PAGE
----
Alibaba earnings top expectations but coronavirus is having a ‘negative impact’ on the business
Shares of Alibaba Group Holding Ltd. fell Thursday, after the company posted better-than-expected results for its fiscal third quarter but discussed how the recent coronavirus outbreak in China was having a “negative impact” on the company’s commerce business in the current period as packages aren’t getting delivered on time.
The company posted net income of 52.3 billion Renminbi ($7.5 billion), or RMB19.55 a share, up from RMB33.1 billion, or RMB12.64, in the year-earlier period. Adjusted earnings per share rose to RMB18.19 from RMB12.19 and came in above the FactSet consensus, which modeled RMB15.91.
Alibaba’s BABA, -1.52% revenue for the quarter increased to RMB161.5 billion, up from RMB117.3 billion a year earlier. The FactSet consensus was looking for RMB159.7 billion. The Chinese e-commerce giant’s cloud business topped RMB10 billion in quarterly revenue for the first time.
The company’s report comes after numerous companies warned about anticipated negative impacts from COVID-19, the disease brought on by the novel coronavirus that is believed to have originated at a food market in Wuhan, China late last year.
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The stock fell 2.0% in morning trading.
Alibaba disclosed on its earnings call that the company is continuing to experience challenges stemming from the outbreak as there’s been a delay in employees’ return to work after the Lunar New Year holiday. This is having a negative impact on the ability for merchants and logistics companies to resume business as usual, Alibaba’s management disclosed.
“Our overall revenue growth rate, we believe, will be negatively impacted for the March quarter,” Chief Financial Officer Maggie Wu said, based on what the company has seen since the start of February. She noted that business units like Alibaba’s China retail marketplace and local consumer services might see negative revenue growth as a result of the disruptions but that it was difficult to give a broad financial projection given that the March quarter is only halfway over.
For context, Alibaba’s China retail marketplace business grew 36% in the latest quarter, before companies started to feel an impact from the coronavirus, while revenue from local services increased 47%. The fact that Alibaba anticipates that there could be negative revenue growth in these categories this quarter “shows the impact of the virus,” Neuberger Berman senior research analyst and tech portfolio manager Hari Srinivasan told MarketWatch.
“There’s demand but when you have large cities and areas that have travel bans, that’s going to have an impact,” Srinivasan said. The issues seem to be largely supply-based, which is encouraging for Alibaba’s long-term prospects, he said, as management cited increasing demand for digital services.
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Management hinted that the challenges brought on by the COVID-19 outbreak could prompt long-term behavioral changes from Chinese consumers and businesses. Alibaba is seeing that more consumers are ordering groceries from their homes and more employees are choosing to work from home, two trends that Alibaba plays into through its various service offerings.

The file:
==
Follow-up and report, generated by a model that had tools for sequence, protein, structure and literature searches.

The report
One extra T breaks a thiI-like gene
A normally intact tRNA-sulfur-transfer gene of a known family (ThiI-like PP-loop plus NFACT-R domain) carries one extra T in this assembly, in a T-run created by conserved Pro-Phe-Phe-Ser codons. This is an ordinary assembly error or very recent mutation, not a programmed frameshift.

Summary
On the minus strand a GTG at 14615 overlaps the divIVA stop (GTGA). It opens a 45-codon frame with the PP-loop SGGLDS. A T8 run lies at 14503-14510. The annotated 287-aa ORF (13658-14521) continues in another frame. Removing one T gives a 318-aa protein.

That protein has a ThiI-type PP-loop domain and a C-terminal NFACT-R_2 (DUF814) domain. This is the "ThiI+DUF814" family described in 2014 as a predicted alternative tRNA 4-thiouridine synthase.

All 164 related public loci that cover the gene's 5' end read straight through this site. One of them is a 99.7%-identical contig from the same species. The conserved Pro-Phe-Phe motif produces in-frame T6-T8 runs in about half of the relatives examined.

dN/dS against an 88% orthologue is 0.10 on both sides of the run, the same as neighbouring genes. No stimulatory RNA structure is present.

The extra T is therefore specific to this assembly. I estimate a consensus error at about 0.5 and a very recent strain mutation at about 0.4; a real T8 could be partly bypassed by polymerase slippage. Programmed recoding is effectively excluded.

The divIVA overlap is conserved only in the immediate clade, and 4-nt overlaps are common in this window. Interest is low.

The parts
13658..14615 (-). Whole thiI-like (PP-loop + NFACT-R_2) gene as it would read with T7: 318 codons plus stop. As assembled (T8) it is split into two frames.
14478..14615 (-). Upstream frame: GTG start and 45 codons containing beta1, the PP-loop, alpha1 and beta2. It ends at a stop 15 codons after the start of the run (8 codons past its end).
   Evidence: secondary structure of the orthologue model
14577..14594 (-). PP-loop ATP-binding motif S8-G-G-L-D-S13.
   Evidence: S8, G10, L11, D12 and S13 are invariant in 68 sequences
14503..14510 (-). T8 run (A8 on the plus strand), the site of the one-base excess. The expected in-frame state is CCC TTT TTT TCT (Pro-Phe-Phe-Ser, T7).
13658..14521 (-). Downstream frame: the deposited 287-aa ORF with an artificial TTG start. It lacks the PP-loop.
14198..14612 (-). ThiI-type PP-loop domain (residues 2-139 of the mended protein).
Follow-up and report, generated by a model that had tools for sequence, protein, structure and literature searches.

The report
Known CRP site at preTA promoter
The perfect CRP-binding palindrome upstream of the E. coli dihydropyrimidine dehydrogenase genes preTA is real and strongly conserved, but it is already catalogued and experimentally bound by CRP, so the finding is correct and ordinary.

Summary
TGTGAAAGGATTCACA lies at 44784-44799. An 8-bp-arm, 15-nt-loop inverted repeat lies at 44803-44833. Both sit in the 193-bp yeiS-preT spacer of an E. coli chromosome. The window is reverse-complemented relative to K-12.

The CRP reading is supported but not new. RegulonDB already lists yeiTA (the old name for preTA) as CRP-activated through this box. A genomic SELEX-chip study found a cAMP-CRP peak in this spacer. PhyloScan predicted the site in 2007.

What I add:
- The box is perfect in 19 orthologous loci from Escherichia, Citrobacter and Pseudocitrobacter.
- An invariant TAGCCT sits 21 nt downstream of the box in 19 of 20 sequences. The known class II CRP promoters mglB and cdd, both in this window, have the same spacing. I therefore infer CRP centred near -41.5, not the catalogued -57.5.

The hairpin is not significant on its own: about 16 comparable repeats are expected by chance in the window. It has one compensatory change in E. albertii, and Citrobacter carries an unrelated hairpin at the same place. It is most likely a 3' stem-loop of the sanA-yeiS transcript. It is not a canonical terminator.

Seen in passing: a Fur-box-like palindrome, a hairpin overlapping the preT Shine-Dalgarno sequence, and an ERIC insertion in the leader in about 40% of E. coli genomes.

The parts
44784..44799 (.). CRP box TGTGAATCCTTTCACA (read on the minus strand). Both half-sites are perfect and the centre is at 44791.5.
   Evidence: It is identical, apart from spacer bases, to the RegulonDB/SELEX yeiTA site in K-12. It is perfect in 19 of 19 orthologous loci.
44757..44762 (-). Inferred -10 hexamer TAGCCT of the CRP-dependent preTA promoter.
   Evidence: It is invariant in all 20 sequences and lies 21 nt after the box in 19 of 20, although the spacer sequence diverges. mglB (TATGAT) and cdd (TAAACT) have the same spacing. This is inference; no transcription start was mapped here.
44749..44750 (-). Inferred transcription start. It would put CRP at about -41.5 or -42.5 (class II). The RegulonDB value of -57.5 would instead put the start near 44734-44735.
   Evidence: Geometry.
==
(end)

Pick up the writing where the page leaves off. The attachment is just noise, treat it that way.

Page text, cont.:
“I think after all is done, I would expect that this is an inevitable trend that more and more businesses and more and more customers will have a digital life or digital working style,” Chief Executive Daniel Zhang said.
Prior to the report, Alibaba detailed some of the ways the company was working to help facilitate business and commerce in China as the outbreak continued to disrupt some of the country’s business activity. Alibaba said it would be reducing or lowering some fees, enabling enterprises to use its work-from-home platform for free, and helping to subsidize couriers so that they would receive extra money for their work.
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Outside of the coronavirus discussion, management talked about how Alibaba is trying to balance investment spending with operational improvements in its core-commerce segment.
“Compared to a year ago, we have increased adjusted [earnings before interest, taxes, and amortization] by RMB12 billion in absolute dollar amount while the combined losses in our four strategic areas were all flat year over year,” Wu said. “This reflects our targeted approach to allocation of resources and investment in key strategic growth areas while also optimizing [cost of goods sold] and their improving efficiency.”
Alibaba “let the leverage from its commerce business flow through,” Neuberger Berman’s Srinivasan said. He had been expecting an increase in investment spending and was impressed that Alibaba’s investments seem to be paying off by allowing the company to benefit from scale in massive markets.
Srinivasan was also encouraged by the company’s momentum in lower-tier Chinese cities as the company pointed out that more than 60% of new average annual customers came from less-developed regions in China. Annual active customers totalled 711 million as of the end of 2019.
Shares of the Chinese e-commerce giant have shed naerly 5% over the past month, though they’ve climbed 20% over the past three months. The KraneShares CSI China Internet ETF KWEB, -1.93% has added 15% in a three-month span and the S&P 500 indexSPX, -0.36% has gained nearly 9%.
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